Essential is, understanding and agreeing a few core values necessary for coalition forming. All those would-be leaders who exclude coalitions based on personal or discriminating statements are setting this process in reverse. We must be capable of working together no matter political background, religion or philosophical ideas. These values tell what we find important, what we believe. Values are used to communicate with others, and can make the connection, because other people can identify with them. Think about: equality, empowerment, awareness, respect, participation, transformation, or others.

    This can be used to write a mission statement, in which we write what drives us, who we are, what we do, why and for whom. A good mission statement is usually composed by answering a number of questions, putting the text together and then trying to diminish the number of words. It’s about the present time.

    The third step is composing a vision statement. Here we must give what we strive for, what we wish to accomplish. Again, there are models with questions to answer to come to a vision statement that everyone could agree upon. It’s about the future.

    Just a look back at organizations that failed to accomplish enduring coalitions. The main reasons why alliances are broken apart:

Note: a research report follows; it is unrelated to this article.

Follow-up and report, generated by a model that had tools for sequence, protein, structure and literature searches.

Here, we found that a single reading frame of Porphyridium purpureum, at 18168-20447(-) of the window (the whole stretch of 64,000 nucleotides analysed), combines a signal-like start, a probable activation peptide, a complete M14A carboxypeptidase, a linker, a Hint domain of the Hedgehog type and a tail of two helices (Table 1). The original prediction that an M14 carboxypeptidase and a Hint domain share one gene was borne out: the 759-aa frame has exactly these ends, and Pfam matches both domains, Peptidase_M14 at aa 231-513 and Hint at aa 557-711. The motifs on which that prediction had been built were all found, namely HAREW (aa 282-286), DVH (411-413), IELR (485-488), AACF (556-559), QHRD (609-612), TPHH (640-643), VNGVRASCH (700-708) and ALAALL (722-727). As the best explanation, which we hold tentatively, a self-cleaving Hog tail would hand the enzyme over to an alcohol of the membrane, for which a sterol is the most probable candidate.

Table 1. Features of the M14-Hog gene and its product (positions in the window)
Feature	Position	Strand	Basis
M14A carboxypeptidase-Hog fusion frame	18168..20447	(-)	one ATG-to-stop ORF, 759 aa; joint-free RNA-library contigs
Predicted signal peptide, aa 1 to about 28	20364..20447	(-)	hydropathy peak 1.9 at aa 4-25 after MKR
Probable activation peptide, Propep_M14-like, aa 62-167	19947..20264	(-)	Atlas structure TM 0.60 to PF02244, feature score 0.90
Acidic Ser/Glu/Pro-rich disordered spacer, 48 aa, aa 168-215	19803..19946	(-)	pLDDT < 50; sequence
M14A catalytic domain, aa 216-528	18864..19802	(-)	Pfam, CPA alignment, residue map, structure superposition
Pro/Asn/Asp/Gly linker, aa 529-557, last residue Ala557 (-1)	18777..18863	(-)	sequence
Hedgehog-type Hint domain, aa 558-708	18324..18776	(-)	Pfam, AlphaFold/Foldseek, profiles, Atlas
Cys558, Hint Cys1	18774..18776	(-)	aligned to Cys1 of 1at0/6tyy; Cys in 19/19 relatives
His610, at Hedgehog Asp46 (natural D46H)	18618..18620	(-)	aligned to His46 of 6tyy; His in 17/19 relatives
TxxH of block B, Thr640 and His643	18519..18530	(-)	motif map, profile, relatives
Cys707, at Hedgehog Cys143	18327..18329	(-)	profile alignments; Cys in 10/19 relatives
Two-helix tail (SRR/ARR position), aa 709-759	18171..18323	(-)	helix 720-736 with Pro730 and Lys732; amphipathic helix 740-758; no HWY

No shared principle agreed statements like: values, mission and/or vision.
    Not coming out of the starting blocks.
    Not enough management of the process.
    No clear set of goals, targets, milestones and timeframes.
    Not the right amount of effort put into the alliance by all parties.
    Not enough adaptability or flexibility.
    Not enough transparency or trust.

    Fourth step is defining a common goal, exact defined, but global enough so all could say: yes, I agree, I want to participate. Here are two possibilities: a common general goal, or a common specific theme oriented goal, for instance for education or jobs. Most often there are more than one goals for different parts of the execution of the vision.

    Fifth step is, based on the common goal, define a strategy statement, a policy that can be used for communication.
    Which can be translated to a strategic plan (step 6) with what, when, by whom, etc.